This National Savings Month, Sanlam has launched its Sanlam Savings Jar – an interactive app that introduces children to the wonder of saving. The free, first-of-its-kind app helps little ones start a journey of financial confidence by setting them on the path to savvy savings habits for life. Children become young dragon masters embarking on a fantastical quest. The more they save, the more their mystical dragon grows. Gamification is used to incentivise goal setting and bring the topic of saving to life.
The app – which is available on iOS and Android – is an informational tool for parents seeking to introduce their children to smart money behaviours. It forms part of Sanlam’s longstanding purpose to target financial literacy to empower more people to live with confidence, go after their goals and believe they can create a better life for themselves. This doesn’t happen overnight. It’s a journey, which starts in childhood. Therefore Sanlam has consistently fostered foundational financial and numeracy skills in young people, through various initiatives, including a 21-year relationship with Takalani Sesame.
Mariska Oosthuizen, Head of Brand at Sanlam, says, “We know that gamification is a powerful means to educate young people. The Sanlam Savings Jar breaks down basic financial concepts, like planning, goal setting, needs versus wants, and appreciation of money and how to earn it. It’s critical to teach children these concepts early on as habits are formed from as young as seven.
Research has shown that South Africa has a notoriously poor savings culture. We hope this app gets the whole family talking about money – a topic that’s often taboo. Our goal is for it to improve families’ financial confidence and success. This has been an underlying theme in all our previous Savings Month campaigns, from ‘Conspicuous Savers’ to the famed ‘One Rand Man’. We consistently use the currency of creativity to attempt to reach people in meaningful, innovative ways. It’s important to note the Sanlam Savings Jar teaches children savings habits through virtual ‘treasure’, rather than actually asking people to save in the current, difficult Covid-19 climate.”
Gamification means better learning outcomes
Gamification has long been seen as a silver bullet of sorts when it comes to educational outcomes. Multiple studies point to improved engagement and learning. The Smithsonian Science Education Centre says gamification stimulates more activity in the regions of the brain that facilitate cognitive development. So-called ‘brain games’ improve the brain’s processing and information retention. Crucially, children learn morebecause they want to stick with the learning task for longer.
Marilize Botha, occupational therapist, says that gamification works well because the focus shifts from expectations to fun, “That’s when we learn and retain information much more easily. For example, when children play games like hopscotch, they’re learning maths without being aware of it.”
She says apps work when they have a competitive component, “For example, a child has to apply the learned skill to reach their goal. That’s when the repetition aspect lays down and consolidates the skill.” In Sanlam Savings Jar, saving is the skill reinforced through rewarded repetition.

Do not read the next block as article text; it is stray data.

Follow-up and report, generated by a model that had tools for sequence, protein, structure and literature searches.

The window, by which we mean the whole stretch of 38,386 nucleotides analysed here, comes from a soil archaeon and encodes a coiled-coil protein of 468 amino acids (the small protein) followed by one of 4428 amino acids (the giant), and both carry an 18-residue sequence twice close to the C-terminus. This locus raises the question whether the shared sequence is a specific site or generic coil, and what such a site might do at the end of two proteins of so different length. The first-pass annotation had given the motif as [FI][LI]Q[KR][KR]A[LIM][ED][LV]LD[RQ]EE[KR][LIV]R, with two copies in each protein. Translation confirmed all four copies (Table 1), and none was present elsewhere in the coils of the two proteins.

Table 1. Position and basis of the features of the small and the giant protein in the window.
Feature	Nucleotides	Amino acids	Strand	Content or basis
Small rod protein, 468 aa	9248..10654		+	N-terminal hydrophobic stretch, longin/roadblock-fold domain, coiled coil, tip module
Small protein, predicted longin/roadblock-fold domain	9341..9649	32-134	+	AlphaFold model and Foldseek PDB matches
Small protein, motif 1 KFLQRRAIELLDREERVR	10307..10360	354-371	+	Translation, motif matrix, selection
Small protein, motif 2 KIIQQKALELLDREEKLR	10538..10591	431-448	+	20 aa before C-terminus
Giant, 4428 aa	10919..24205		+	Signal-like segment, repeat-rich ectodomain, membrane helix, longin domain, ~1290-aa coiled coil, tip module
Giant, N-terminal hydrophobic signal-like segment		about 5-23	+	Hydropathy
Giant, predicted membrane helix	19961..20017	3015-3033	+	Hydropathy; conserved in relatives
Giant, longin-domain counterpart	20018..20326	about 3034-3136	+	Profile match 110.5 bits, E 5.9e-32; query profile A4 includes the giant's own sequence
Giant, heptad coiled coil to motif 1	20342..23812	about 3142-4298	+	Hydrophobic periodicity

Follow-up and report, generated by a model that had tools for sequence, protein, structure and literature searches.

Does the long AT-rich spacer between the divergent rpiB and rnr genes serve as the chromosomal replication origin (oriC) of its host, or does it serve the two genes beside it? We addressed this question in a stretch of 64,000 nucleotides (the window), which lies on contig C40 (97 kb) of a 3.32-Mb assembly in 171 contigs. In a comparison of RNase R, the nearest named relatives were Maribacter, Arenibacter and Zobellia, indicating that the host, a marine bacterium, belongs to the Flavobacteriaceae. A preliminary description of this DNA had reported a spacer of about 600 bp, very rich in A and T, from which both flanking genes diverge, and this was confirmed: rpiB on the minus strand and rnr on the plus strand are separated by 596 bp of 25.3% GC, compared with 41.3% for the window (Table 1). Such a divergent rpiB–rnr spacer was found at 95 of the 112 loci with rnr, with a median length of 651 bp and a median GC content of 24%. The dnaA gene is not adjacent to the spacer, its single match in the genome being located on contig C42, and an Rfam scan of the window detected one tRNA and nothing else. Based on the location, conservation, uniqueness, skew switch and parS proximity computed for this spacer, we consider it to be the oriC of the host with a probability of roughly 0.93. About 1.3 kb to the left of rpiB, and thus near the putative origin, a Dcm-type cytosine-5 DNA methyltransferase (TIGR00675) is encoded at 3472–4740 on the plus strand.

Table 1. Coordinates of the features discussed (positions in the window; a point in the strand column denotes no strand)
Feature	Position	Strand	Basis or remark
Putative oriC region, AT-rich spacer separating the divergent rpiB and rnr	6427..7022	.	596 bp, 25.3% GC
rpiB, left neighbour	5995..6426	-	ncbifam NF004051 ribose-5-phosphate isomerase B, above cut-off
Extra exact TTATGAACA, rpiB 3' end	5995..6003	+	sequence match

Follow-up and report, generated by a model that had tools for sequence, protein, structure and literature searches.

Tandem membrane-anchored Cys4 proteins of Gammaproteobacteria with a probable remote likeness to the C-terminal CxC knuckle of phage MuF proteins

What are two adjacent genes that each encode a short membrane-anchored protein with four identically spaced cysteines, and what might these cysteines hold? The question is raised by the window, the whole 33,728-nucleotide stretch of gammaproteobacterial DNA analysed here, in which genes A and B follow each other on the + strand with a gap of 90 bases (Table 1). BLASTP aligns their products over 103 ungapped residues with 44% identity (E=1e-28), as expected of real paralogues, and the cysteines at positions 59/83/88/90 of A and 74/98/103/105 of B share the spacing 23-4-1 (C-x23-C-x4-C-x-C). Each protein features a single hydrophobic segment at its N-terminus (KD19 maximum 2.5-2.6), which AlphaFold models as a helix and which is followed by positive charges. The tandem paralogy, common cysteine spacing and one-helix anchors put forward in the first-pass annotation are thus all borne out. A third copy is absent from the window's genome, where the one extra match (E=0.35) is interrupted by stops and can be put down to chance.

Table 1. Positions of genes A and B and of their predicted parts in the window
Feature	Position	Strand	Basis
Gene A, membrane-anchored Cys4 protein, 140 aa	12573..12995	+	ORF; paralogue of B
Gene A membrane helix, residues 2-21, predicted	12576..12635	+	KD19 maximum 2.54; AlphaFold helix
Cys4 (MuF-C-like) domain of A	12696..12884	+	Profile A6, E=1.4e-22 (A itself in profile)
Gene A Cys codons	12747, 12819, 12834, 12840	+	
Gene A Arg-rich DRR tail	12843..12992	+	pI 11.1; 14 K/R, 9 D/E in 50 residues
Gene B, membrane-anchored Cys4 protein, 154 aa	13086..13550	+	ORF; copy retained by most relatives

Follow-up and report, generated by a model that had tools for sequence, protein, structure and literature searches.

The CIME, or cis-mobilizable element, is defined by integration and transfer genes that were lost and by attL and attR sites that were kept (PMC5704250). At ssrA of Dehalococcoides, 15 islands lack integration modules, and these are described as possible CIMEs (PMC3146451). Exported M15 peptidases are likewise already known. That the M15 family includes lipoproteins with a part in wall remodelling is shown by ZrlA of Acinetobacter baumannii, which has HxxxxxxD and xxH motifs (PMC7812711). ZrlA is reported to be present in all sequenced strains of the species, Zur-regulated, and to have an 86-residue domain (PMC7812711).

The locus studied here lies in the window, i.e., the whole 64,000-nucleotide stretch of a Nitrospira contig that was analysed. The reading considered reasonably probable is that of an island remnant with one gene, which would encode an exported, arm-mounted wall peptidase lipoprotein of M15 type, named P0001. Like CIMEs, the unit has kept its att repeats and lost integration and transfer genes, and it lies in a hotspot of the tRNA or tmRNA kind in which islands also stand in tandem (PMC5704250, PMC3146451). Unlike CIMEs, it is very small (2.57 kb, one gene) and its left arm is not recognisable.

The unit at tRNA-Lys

This instant feedback loop is another key part to gamification’s success. With the Sanlam Savings Jar, the closer children get to their goal, the more powerful their dragon grows. The behaviour merits a tangible reward. Pavlovian and powerful, this kind of conditioning helps habits to form.
The Sanlam Savings Jar app also allows little ones to learn anywhere, in their own time and on their terms. And it is accessible. The proliferation of mobile means young people are familiar with smart phones almost from the get-go. So, it makes sense to reach them with fresh learning opportunities through a medium they’re active on.
Botha adds that play is pivotal to learning, “It’s the main functional task every child must engage in to acquire new skills. In the ‘space’ of playing, children experience the freedom to try – and sometimes also fail – to gain a new skill in a stress-free environment.”
Apps can provide powerful platforms for play. Botha advises that when choosing an educational app, parents ask whether it will help a child to learn a contributing life skill and if the child will experience gratification through the learning process. The Sanlam Savings Jar was designed to make learning as fun and effortless as possible.
Oosthuizen concludes, “In 2021, we rebooted our business and brand to become a purpose-driven organisation focused on giving millions of Africans the chance to live with financial confidence. The Sanlam Savings Jar is one of several initiatives that is strongly driving this purpose. It builds on our long journey in the lives of South African children, led by a 21-year partnership with Takalani Sesame and our Foundation’s work in schools and communities. To date, we’ve invested R209 million in Takalani Sesame alone.”
For more information, visit the Sanlam Savings Jar site.